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Welcome to the Fall 2010 issue of Databits wherein 18 authors contribute from 11 sites and 2 institutes in 3 countries. Seven relevant and insightful feature articles relate to growth and refinement of systems. All three editorials share the theme of continuous change. And both the suggested readings reflect on past adaptations. Even the two tools recommended prove their worth in how they handle revision.

Keeping pace with evolving standards in information management may seem like “it takes all the running you can do, to keep in the same place.” – Lewis Carroll. This ongoing challenge is captured in the Red Queen Principle, proposed by the late professor emeritus L. van Valen in 1973: “for an evolutionary system, continuing development is needed just in order to maintain its fitness relative to the systems it is co-evolving with.” The LTER Network has remained relevant through 30 years of change and was just last May recognized for its contributions by the American Institute of Biological Sciences. We continue to raise expectations for our practice. Within the large scope of information management we may feel small and progress may appear slow. Databits captures a twice annual snapshot of information management co-evolving with Network needs. Now that all years’ issues are gathered within one site, the progress of LTER IM practice may be viewed like time-lapse photography. Enjoy!

DataBits continues as a semi-annual electronic publication of the Long Term Ecological Research Network. It is designed to provide a timely, online resource for research information managers and is supported by rotating co-editors.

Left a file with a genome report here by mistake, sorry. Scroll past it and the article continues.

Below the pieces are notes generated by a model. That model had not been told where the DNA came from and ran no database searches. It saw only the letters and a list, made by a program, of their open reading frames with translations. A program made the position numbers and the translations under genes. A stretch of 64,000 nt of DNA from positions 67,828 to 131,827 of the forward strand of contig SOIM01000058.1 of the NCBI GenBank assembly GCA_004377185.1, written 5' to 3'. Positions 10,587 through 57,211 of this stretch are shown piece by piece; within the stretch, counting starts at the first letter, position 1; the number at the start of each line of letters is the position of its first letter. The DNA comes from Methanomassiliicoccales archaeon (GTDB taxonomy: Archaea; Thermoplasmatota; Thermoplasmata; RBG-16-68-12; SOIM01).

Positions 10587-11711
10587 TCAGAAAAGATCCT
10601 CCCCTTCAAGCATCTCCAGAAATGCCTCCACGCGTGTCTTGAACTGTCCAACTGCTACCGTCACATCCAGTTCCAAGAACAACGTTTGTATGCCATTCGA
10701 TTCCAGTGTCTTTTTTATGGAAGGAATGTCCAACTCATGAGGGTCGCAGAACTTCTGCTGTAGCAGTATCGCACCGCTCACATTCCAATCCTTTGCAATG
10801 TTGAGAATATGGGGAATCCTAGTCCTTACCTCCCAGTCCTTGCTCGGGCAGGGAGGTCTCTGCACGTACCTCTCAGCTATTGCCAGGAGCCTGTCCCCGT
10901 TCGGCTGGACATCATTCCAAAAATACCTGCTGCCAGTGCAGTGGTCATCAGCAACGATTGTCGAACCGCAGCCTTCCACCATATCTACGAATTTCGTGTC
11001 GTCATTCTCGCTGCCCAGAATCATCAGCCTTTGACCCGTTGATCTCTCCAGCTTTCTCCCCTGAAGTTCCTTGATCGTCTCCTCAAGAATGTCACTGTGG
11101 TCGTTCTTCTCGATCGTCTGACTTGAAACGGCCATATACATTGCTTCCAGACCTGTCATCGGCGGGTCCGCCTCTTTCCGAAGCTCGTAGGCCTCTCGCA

—– Co-editors: M. Gastil-Buhl (MCR), Philip Tarrant (CAP)

Table of Contents

Featured Articles
Coweeta Supports Citizen Science Initiative; Collaboratively Redevelops and Piblishes Long-Term Biomonitoring DatabaseJohn F. Chamblee1
Implementing ProjectDB at the Georgia Coastal Ecosystems LTERWade Sheldon, John Carpenter2
IMC Governance Working Group: Developing a Terms of ReferenceKaren Baker, Nicole Kaplan and Eda Melendez-Colom4
Addressing Scaling Issues Associated with Data AccessJames Conners5
Dataset Attributes and the LTER IMC: A First StepCorinna Gries, Wade Sheldon, Karen Baker6
Note on Category FormationKaren Baker7
Using the OBOE Ontology to Describe Dataset AttributeMargaret O’Brien7
Enactment and the Unit RegistryMason Kortz10
Transitions and ComparisonsLynn Yarmey11
Virtualization, Thin Clients, and Cloud Computing: Potential uses in LTERJohn Porter11
News Bits
2010 IMC Annual Meeting, Kellogg Biological StationMarharet O’Brien and Don Henshaw12
GIS Working Group holds successful workshop at HJ Andrews Experimental ForestTheresa Valentine13
On Site with TFRIBenjamin Leinfelder14
Good Tools and Programs
Making the Work Flow with KeplerJohn Porter, Chau-Chin Lin, Jennifer Holm, Ben Leinfelder15
SchemaSpy: No dust will collect on this Database DocumentationM. Gastil-Buhl16
Good Reads
Evolution of Collaboration in EcologyKaren Baker and Eda Melendez-Colom17
Healthy Tensions, Challenges in Achieving Data SharingM. Gastil-Buhl17
Is there a preferred stable URL for the EML schema?Mark Servilla, Margareet O’Brien, Wade Sheldon18